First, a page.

Did you know?
Leliekloof Farm is home to the famous stud of Boran cattle.
Although South Africa is known for its spectacular San rock art, particularly in the Drakensberg Mountains, the Leliekloof Valley of Art is a lesser-known yet exciting and impressive rock art centre.
It was over 70 years ago that Walter Battiss, the famous father of South African Impressionist art, christened Leliekloof the Valley of Art because of the many rock paintings in the vicinity.
Misunderstood and often wrongly interpreted, it is only in the last half century that San rock art has come to be admired, respected and understood. Once believed to be merely representational paintings of animals and people, its spiritual significance has now been revealed.
You'll find Leliekloof Valley of Art in the Ukhahlamba district of the Eastern Cape, where the Skulpspruit River has chiselled a steep, twisting gorge out of sandstone and dolorite.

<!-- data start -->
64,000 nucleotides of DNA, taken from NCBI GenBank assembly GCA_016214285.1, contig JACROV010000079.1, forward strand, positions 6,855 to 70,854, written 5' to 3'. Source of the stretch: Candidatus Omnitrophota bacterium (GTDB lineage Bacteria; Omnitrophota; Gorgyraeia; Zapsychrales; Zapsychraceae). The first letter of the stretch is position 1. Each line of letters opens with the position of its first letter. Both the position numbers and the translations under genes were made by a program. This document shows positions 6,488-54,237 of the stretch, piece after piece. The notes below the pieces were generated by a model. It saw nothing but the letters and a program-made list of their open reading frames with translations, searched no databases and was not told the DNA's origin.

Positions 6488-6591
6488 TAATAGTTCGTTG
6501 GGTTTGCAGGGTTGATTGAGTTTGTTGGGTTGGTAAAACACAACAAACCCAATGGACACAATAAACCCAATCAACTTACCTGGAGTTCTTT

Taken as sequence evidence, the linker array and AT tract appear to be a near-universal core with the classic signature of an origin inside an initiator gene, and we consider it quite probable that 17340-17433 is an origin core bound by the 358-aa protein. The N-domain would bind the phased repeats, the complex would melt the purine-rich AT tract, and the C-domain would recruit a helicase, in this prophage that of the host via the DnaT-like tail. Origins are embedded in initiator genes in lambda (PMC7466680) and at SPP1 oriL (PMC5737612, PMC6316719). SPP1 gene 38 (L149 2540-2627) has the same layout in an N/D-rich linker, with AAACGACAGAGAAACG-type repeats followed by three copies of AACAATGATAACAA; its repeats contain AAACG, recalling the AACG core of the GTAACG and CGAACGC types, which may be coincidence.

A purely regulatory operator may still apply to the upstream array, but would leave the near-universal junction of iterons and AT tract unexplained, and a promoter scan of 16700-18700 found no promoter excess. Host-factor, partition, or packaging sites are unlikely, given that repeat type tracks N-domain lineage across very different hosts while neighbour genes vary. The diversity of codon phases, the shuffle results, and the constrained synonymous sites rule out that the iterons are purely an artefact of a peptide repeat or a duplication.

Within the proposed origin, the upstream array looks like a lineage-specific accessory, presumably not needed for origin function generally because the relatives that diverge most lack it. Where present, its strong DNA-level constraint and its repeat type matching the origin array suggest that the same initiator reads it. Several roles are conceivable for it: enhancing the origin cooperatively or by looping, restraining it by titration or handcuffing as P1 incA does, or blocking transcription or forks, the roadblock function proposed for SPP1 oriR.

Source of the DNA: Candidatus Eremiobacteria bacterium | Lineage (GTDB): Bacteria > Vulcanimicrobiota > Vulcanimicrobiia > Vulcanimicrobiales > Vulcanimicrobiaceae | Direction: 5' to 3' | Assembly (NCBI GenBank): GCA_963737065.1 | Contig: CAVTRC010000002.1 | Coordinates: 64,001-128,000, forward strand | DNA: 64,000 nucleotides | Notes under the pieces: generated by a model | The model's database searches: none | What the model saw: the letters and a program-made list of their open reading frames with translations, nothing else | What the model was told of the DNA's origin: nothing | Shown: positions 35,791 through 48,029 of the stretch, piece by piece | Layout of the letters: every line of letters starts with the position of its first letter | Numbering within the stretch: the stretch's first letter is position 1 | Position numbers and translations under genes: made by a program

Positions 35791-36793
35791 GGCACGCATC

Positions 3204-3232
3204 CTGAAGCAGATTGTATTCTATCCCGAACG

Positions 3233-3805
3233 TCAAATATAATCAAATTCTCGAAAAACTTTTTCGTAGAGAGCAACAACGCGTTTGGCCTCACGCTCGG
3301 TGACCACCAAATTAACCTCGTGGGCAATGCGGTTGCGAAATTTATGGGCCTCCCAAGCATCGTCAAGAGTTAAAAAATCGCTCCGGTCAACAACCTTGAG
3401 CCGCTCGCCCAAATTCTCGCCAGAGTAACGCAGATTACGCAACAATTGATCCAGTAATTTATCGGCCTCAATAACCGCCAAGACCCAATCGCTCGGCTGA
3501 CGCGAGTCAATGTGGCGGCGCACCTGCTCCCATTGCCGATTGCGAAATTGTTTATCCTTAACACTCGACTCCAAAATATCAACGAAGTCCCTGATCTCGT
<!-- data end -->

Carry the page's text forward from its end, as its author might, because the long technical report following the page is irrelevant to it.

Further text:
People lived for centuries here, eking out a hunter-gatherer existence and leaving their cultural legacy on the walls of numerous rock shelters. The paintings themselves give rise to the names of the sites: the Doe and Fawn shelter; the Fertility shelter; the Tusked dassie and Rain animal shelter; the Eland, Woman and Serpent site.
Leliekloof Farm, or Delila as it is also known, is situated 1 800m up on the Stormberg Plateau. The home of Minnie and Dries De Klerk, who not only provide comfortable lodging and superb farm food, but also are experts on the area's rock art, it is the central base for exploring the Valley of Art.
Dries, a mine of information about the rock art sites, will guide you to the various rock paintings, many of which are of superb quality.